A lot of people new to the hobby have no idea how difficult astrophotography can be. Of course, a lot depends on your expectations. If your expectations are for blurry, fuzzy images that might, or might not, be Jupiter, or M42, or any other astronomical body, then you have a lot of room. But if the assumption is that you want to take reasonable quality pictures (I'm not talking great pictures or professional pictures, but ones where the object is readily identifiable and clear), things can get very difficult.
The first part of the problem is that eyes and cameras are not interchangeable. They work very differently and have very different responses to light. There's a lot of similarity and overlap, but a lot of difference as well. As such, you can't just connect a camera to a telescope and hope to snap pictures as easy as you view objects. We are talking about two very different activities here, with very different needs.
It should also be stated that while some people have had some amount of success using cell phone cameras to capture images of astronomical objects, these cameras are fare from ideal for the purpose, and there's many, many more pictures people have taken this way that show nothing more than a blurry mess, if anything.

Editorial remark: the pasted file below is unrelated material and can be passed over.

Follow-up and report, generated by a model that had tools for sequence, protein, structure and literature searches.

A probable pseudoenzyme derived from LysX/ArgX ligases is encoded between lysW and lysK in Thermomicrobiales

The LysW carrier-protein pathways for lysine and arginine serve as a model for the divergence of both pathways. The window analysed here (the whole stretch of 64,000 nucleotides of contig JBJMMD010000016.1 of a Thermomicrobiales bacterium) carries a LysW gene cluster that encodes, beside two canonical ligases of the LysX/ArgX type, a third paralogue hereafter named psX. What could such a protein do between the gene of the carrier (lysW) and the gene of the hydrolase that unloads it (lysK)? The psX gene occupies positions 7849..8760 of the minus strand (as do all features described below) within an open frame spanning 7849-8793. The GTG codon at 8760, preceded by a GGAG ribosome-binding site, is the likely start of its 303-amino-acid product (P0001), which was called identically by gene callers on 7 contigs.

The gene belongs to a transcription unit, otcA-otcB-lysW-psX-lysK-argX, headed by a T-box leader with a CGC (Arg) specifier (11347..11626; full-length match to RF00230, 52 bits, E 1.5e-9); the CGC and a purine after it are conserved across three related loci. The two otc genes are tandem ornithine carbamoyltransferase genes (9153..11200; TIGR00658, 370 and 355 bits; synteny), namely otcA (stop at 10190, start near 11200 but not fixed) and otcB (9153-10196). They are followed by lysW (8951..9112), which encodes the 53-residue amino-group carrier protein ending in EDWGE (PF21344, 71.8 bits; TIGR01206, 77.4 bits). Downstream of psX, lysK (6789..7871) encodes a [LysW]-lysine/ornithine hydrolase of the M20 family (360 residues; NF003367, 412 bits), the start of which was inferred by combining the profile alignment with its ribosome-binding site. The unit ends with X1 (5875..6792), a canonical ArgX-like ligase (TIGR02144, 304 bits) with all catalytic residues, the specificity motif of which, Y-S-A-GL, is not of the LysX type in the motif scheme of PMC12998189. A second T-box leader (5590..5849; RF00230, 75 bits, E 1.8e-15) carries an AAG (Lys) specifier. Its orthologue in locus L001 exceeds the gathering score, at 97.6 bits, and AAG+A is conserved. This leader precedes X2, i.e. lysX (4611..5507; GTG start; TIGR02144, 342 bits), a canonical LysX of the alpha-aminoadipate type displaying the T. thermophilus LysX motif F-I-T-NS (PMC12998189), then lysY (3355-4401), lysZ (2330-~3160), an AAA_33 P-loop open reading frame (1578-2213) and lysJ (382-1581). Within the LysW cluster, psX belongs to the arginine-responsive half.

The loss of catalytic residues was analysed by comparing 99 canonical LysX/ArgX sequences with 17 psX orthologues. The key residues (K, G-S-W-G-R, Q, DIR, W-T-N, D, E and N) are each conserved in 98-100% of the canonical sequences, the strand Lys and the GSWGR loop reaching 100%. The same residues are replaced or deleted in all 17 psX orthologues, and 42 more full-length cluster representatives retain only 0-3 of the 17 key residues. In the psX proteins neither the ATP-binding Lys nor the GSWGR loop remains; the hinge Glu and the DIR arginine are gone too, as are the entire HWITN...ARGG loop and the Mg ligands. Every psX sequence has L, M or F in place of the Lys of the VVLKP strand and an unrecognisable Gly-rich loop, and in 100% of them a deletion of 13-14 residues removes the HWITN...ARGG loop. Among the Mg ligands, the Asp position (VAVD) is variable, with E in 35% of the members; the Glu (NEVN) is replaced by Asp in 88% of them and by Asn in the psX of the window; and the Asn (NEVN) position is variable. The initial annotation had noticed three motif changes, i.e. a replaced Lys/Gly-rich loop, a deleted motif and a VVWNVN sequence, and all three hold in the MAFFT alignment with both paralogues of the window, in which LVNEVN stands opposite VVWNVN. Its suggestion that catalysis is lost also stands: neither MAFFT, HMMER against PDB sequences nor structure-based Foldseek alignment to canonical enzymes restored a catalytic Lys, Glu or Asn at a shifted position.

Another important thing to understand is that Astrophotography is not a monolithic subject - it encompasses many sub-specialties, each with its own needs as far as technique and equipment.
The two simplest divisions in AP are solar-system imaging versus deep-sky imaging. Solar-system imaging refers to anything in our own solar system, and for most amateurs really concentrates on four specific bodies: the moon, Mars, Jupiter, and Saturn. Without going into details as to why, none of the other planets make good photographic targets without significant equipment upgrades. But the moon, Mars, Jupiter and Saturn are fairly simple targets and make a good starting point. These CAN be captured with a cell phone, but this is not always easy. In particular, focusing is a difficult task. Even with a larger telescope on a mount intended for astrophotography, this can be difficult. With a manually-controlled telescope with fairly low aperture and magnification such as yours, keeping the object in the camera's field of view while you try to get the focus just right can be a major challenge. The moon is probably your easiest bet, followed by Jupiter, Saturn, then Mars. But you should also realize that Jupiter, Saturn, and Mars are only good targets when they're approaching opposition - the closest point to us in their orbit. Even this varies. At its largest size, when Jupiter is approaching its perihelion (closest point to the sun) and we are nearing aphelion (our furthest point from the sun) and those points happen to line up at the opposition point, Jupiter is only 51 arc-seconds in size. Any other time, it will be smaller than that. The best time to view or image any planet in its orbital cycle is when it is rising on the horizon at around midnight. This means it's near opposition, and will present its best view to us.